The Barry Zito Contract Revisited

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The Barry Zito Contract Revisited
Thearon W. Henderson/Getty Images

The San Francisco Giants 2012 World Series could wear many different subtitles.

You had two improbable returns from the brink of elimination in the National League Division and Championship Series, which led to the sweep of a supposedly superior Detroit Tigers.

You had the hard-to-believe-even-as-you-watched-it brilliance of Marco Scutaro and Ryan Vogelsong.

You had Pablo Sandoval's historic performance en route to the World Series MVP award and Tim Lincecum's devastating addition to a bullpen that really didn't need the help.

There were Hunter Pence's inspirational moments, his thrice-hit-broken-bat line drive, sparkling defense by the likes of Brandon Crawford and Gregor Blanco, the grace of the baseball gods and the list goes on.

Ultimately, however, it must be known by only one: "The Redemption of Barry Zito."

By now, every baseball fan is aware San Francisco left the soft-throwing southpaw off its postseason roster in 2010. Most are also aware of his trials and tribulations since crossing the Bay Bridge prior to the 2007 season.

His tenure with the Orange and Black before '12 had been, in a word, gruesome—gopheritis, walks, bloated ERAs, unbecoming WHIPs, bullpen demotions and phantom trips to the disabled list all figured into the narrative. He took his lumps with class, but the relentless downward spiral was tough to watch.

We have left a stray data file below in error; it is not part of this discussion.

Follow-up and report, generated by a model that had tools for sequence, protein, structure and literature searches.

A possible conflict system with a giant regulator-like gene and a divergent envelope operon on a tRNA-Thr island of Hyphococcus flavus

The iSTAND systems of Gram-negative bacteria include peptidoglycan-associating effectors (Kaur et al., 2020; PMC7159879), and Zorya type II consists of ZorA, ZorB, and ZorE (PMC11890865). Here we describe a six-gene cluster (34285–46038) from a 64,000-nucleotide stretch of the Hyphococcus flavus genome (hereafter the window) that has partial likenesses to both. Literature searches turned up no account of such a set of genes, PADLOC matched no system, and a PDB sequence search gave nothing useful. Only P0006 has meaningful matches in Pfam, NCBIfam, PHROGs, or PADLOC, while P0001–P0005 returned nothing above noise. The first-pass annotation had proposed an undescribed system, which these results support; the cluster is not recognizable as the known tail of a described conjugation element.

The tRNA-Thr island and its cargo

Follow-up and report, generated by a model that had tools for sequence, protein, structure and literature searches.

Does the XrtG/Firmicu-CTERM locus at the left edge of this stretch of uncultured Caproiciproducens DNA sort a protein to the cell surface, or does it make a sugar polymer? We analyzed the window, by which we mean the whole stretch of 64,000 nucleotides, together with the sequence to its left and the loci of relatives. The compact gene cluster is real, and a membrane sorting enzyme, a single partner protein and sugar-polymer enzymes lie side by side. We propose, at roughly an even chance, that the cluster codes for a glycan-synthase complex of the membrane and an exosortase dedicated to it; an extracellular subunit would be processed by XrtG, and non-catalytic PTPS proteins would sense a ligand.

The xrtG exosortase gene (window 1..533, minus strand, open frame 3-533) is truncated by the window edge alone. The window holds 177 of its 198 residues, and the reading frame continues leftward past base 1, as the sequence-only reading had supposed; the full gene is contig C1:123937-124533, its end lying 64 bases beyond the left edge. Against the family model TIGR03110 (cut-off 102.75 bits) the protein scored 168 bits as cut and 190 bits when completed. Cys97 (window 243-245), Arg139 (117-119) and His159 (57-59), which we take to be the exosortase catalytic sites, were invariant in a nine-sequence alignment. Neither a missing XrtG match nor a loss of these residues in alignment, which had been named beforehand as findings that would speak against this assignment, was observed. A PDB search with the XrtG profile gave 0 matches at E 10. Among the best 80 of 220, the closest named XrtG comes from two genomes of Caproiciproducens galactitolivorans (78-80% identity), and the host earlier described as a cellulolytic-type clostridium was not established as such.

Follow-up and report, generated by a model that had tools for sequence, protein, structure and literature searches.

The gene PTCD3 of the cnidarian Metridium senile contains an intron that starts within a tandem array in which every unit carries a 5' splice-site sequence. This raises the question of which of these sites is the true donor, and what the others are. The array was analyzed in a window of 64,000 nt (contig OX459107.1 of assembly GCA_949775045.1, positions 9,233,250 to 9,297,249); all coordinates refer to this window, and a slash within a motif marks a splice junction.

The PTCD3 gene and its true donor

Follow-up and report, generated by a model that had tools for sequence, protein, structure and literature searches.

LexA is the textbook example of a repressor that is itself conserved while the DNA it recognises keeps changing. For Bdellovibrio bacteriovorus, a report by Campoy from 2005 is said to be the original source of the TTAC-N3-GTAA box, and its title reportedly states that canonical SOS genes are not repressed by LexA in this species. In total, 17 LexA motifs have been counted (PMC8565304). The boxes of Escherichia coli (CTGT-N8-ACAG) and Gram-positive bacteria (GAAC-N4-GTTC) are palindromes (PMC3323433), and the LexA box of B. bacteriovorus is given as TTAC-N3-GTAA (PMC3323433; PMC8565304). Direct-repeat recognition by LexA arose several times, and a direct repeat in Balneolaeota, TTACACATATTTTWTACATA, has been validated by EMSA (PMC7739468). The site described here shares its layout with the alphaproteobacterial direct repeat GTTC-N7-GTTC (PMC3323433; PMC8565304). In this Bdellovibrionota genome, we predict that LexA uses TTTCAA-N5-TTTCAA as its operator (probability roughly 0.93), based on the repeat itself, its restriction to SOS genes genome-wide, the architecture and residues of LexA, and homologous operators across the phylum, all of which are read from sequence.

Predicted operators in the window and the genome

Of course, Zeets rose from the ashes and played a starring role as the club won its second Fall Classic in three years.

The St. Louis Cardinals had the Giants' heels dangling over the abyss by Game 5 of the NLCS, so Zito's 7.2 innings of scoreless baseball literally saved the team's season. The significance of his triumphant duel with all-world ace Justin Verlander in Game 1 of the World Series also can't be overstated.

In both starts, the 34-year-old set a defiant stride that would not be broken until the franchise was ordering a second set of rings.

The man even anted up with the bat, hitting .400 with a couple of runs batted in.

A postseason like that washes away a lot of grime.

To understand just how much, you need to go back to the reason the spotlight always finds Zito: his infamous contract.

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